While the format of SQL Server transaction log is not publicly documented, there is a number of ways to view the contents of the log. This is sometimes necessary for troubleshooting and forensic purposes. One way is the DBCC LOG command. Another is fn_dblog() table-valued function. Both are undocumented, however you can easily find unofficial documentation on various web sites and blogs.
If you use Intellisense in SSMS 2008, you may notice another function, called fn_dump_dblog():
This function provides the same rowset as fn_dblog(), but has some interesting functionality that makes it useful is some troubleshooting and recovery scenarios. Specifically, it can read not only transaction log of the current database, but also transaction log backups on either disk or tape.
The first two parameters, @start and @end, can be used to filter the output by a range of LSN values (you need to make sure that the LSN values start with ‘0x’). This is similar to fn_dblog(). If you use default values for all other parameters, the fn_dump_dblog() function behaves just like fn_dblog(), returning a rowset over the log of the current database.
The third parameter, @devtype, is where the differences between fn_dump_dblog() and fn_dblog() start. This parameter determines the type of backup device. You can specify either ‘DISK’ or ‘TAPE’. ‘DISK’ is the default.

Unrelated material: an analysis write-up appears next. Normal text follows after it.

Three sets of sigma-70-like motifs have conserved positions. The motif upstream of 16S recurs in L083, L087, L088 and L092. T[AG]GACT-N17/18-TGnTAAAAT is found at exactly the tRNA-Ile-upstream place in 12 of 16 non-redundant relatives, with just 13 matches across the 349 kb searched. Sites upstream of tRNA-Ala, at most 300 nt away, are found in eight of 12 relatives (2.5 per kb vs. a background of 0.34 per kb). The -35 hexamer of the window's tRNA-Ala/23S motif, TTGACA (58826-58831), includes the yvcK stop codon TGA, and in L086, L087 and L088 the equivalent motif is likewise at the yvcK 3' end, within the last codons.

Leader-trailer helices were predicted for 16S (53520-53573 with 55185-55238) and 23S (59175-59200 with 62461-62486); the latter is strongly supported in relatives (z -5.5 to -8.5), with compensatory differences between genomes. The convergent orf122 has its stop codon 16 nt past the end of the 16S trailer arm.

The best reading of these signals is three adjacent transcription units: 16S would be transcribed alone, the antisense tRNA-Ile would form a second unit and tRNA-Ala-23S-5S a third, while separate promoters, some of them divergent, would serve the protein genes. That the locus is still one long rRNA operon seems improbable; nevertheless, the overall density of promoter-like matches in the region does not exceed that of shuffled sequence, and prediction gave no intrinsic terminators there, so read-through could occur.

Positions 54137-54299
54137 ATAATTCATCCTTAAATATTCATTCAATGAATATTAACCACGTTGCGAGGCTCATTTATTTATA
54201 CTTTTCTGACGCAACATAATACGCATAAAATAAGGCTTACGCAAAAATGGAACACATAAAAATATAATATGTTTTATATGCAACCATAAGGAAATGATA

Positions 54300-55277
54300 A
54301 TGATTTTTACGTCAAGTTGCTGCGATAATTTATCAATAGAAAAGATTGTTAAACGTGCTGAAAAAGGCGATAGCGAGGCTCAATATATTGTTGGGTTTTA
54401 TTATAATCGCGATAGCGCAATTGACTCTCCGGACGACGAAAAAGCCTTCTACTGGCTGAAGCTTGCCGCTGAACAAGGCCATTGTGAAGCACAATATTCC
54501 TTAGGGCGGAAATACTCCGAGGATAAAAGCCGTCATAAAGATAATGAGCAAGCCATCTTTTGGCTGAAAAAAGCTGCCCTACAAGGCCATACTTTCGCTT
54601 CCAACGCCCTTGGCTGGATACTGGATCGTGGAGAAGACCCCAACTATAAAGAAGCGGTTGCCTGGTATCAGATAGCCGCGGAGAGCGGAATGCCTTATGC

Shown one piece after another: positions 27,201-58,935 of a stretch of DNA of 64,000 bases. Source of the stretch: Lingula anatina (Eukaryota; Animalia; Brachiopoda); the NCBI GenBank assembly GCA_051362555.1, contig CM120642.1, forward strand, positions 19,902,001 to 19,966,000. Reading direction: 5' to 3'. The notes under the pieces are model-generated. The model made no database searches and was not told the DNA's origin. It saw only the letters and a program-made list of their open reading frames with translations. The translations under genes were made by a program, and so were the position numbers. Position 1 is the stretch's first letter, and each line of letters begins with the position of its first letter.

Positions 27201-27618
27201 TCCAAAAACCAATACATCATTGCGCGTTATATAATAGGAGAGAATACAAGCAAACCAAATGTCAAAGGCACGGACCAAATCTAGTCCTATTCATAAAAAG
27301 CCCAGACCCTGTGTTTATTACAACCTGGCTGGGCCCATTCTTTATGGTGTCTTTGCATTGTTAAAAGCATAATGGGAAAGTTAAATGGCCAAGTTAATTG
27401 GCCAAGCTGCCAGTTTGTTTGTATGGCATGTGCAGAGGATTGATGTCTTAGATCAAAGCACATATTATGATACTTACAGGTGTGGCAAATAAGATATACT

The fourth parameter, @seqnum, is an integer that can be used to specify a particular backup within a backup device, when the same device has been used for multiple backups. Most backup devices contain only one backup, so usually this will be 1.
The fifth parameter is the fully-qualified path to the backup file on disk, when backup device type is ‘DISK’. Note that Intellisense displays this parameter simply as @fname1. Note that the SQL Server service account will need read permission on the backup file.
The sixth parameter, displayed as @fname2, can be used to provide the name of a backup file in the default backup directory for the SQL Server instance.
All other parameters appear to be unused (please post a comment if you find otherwise). Update 2012-05-18: Paul Randal just blogged about the fn_dump_dblog() function – the rest of the parameters are used to specify multiple media families in a media set used for a log backup, i.e. a log backup striped over multiple backup files.
The fn_dump_dblog() function exists in SQL Server 2005/2008. Do note that the function is undocumented – use it at your own risk.
Update 2012-02-08: I just found out that the function can also work against database backups, not just log backups. A database backup contains a portion of the log that will be rolled forward on restore to make the restored database transactionally consistent, and that portion of the log can be viewed with the fn_dump_dblog() function. This is potentially useful to discover the LSN and the timestamp of the checkpoint that occurs during the backup – look for LOP_END_CKPT in the Operation column.